Genipin, the primary metabolite and aglycon of geniposide , can promote lipolysis and accelerate liver fatty acid β‐oxidation via upregulating the gene expressions of hormone-sensitive lipase (HSL), adipose triglyceride lipase (ATGL), CPT1A, and PPARα. As a result, the lipid profiles, body weight, fat accumulation, and insulin resistance decreased . Moreover, genipin inhibits lipid metabolic genes and proteins expression of SREBP-1c, FAS, and SCD1 dose-dependently by regulating miR-142a-5p/SREBP-1c axis, which was verified in vitro as well .
Hippophae fructus (Shaji)
Hippophae fructus (sea buckthorn), the dried ripe fruit of Hippophae rhamnoides L. of family Elaeagnaceae, is widely distributed in China, Russia, Mongolia and most parts of Northern Europe. It has been used for food and pharmaceutical purposes in both Europe and Asia for centuries [95, 96]. Currently, sea buckthorn is extensively applied in food, health care, cosmetics, medicines, and many other fields, and has been made into more than 200 kinds of products such as tea, candies, fruit wine, yogurts, seasoning, freeze-dried fruit powder, and toiletries . According to the report, there are 106 nutrients and 74 bioactive compounds in sea buckthorn, including carbohydrates, proteins, unsaturated fatty acids, vitamins, minerals, polysaccharides, sterols, total triterpenic acids, phenolic acids, flavonoids and so on . Among them, flavonoids and sterols are the main pharmaceutically active components in the treatment of dyslipidemia.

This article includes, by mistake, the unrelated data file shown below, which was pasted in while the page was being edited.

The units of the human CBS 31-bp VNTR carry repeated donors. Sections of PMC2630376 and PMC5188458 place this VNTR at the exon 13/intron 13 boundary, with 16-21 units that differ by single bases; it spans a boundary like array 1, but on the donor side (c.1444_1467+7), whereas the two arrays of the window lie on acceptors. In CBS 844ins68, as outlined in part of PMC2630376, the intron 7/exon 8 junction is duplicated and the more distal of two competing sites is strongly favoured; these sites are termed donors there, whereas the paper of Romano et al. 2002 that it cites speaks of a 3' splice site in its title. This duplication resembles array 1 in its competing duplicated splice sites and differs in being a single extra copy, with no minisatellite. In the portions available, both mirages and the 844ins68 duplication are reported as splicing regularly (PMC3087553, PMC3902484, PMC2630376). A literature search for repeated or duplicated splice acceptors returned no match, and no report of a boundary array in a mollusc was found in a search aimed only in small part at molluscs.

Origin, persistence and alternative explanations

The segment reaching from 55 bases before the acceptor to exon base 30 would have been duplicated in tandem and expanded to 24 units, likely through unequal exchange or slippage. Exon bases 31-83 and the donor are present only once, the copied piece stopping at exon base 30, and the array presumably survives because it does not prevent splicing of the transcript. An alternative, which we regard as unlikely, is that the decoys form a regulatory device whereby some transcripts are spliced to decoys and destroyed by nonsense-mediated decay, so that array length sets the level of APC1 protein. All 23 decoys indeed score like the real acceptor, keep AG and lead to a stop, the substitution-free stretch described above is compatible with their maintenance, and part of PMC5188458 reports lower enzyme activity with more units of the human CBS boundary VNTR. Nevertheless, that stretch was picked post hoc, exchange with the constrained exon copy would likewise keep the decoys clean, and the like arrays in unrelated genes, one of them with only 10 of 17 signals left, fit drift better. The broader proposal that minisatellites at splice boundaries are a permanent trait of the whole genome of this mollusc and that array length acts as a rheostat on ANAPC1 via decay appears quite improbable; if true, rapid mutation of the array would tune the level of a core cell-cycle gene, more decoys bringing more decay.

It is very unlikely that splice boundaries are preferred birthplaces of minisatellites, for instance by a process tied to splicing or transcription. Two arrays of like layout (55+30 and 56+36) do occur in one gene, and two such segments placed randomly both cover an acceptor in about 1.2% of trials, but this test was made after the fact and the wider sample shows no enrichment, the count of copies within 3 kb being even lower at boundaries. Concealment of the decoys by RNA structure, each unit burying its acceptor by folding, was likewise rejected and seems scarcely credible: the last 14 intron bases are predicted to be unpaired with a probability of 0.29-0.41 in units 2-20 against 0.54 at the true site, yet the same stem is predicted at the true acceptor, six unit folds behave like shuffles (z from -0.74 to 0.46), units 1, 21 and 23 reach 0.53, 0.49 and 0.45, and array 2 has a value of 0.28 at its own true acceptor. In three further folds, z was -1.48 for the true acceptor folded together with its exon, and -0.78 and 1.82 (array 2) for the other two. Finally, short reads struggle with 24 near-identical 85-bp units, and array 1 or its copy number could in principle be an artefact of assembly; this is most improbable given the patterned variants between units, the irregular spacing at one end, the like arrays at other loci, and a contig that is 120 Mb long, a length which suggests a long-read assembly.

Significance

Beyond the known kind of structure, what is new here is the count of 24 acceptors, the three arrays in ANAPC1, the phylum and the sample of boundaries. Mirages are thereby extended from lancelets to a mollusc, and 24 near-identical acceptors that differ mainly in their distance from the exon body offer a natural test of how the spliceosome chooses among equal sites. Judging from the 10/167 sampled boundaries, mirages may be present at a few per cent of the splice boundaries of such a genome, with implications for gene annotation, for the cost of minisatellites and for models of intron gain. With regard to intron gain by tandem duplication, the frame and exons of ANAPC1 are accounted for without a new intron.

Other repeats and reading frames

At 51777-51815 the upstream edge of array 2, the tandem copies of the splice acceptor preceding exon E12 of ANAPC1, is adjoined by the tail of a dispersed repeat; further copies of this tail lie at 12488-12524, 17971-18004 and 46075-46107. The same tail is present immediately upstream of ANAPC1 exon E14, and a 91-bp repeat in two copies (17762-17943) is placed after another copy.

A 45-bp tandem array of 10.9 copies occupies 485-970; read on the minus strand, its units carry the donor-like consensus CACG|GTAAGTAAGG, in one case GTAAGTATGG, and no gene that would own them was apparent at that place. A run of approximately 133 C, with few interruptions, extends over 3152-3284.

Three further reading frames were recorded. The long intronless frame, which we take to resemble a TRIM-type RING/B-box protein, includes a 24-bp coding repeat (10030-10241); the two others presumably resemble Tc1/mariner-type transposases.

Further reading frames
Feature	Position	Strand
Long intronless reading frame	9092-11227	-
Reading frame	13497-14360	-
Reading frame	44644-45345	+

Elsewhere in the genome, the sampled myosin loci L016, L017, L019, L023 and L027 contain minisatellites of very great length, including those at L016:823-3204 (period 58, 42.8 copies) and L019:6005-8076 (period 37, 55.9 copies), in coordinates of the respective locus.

Flavonoids in sea buckthorn have shown potential cardiovascular benefits , and play an important role in regulating lipid metabolism . Its administration (100, 200, and 400 mg/kg) for 42 days can reduce the contents of TC, TG, and LDL-C in serum of hyperlipidemia mice fed with a high-fat diet, and increase HDL-C levels. Moreover, there is no adverse impact on heart, liver, spleen and kidney . Studies also found that the mRNA expressions of PPARα, LXRα, ATP binding cassette subfamily A member 1 (ABCA1) and CPT1A increased, while SREBP-2 and its target gene LDLR decreased after sea buckthorn flavonoids treatment [101, 102]. The lipid-lowering effects is achieved by promoting the conversion of cholesterol into bile acids, inhibiting cholesterol de novo synthesis, and accelerating fatty acid oxidation.
Isorhamnetin, quercetin, and kaempferol are important flavonoid compounds in sea buckthorn. Isorhamnetin can increase the protein expression of LXRα and CYP7A1 . Kaempferol and kaempferide have been verified to decrease lipid droplets accumulation and TG levels by down-regulating the expression of lipogenesis-related proteins, including SREBP-1, FAS and SCD1. Meanwhile, the expression of two adipogenic transcription factors PPARγ and C/EBPβ were inhibited .
Sterols (100, 200, and 400 mg/kg) in sea buckthorn, mainly include campesterol, stigmastadienol, sitosterol, stigmastanol and a-Amyrin, were reported to lower the contents of TC, TG, LDL-C and ApoB in blood after treatment for 42 days. It can increase the concentrations of HL, lipoprotein lipase (LPL) and ApoA in serum of hyperlipidemia rats, thus promoting lipid transport, metabolism and decomposition . Figure 2 shows the lipid-lowering target genes as well as upstream and downstream signaling pathways of sea buckthorn and other MEPs.
Mori fructus (Sangshen)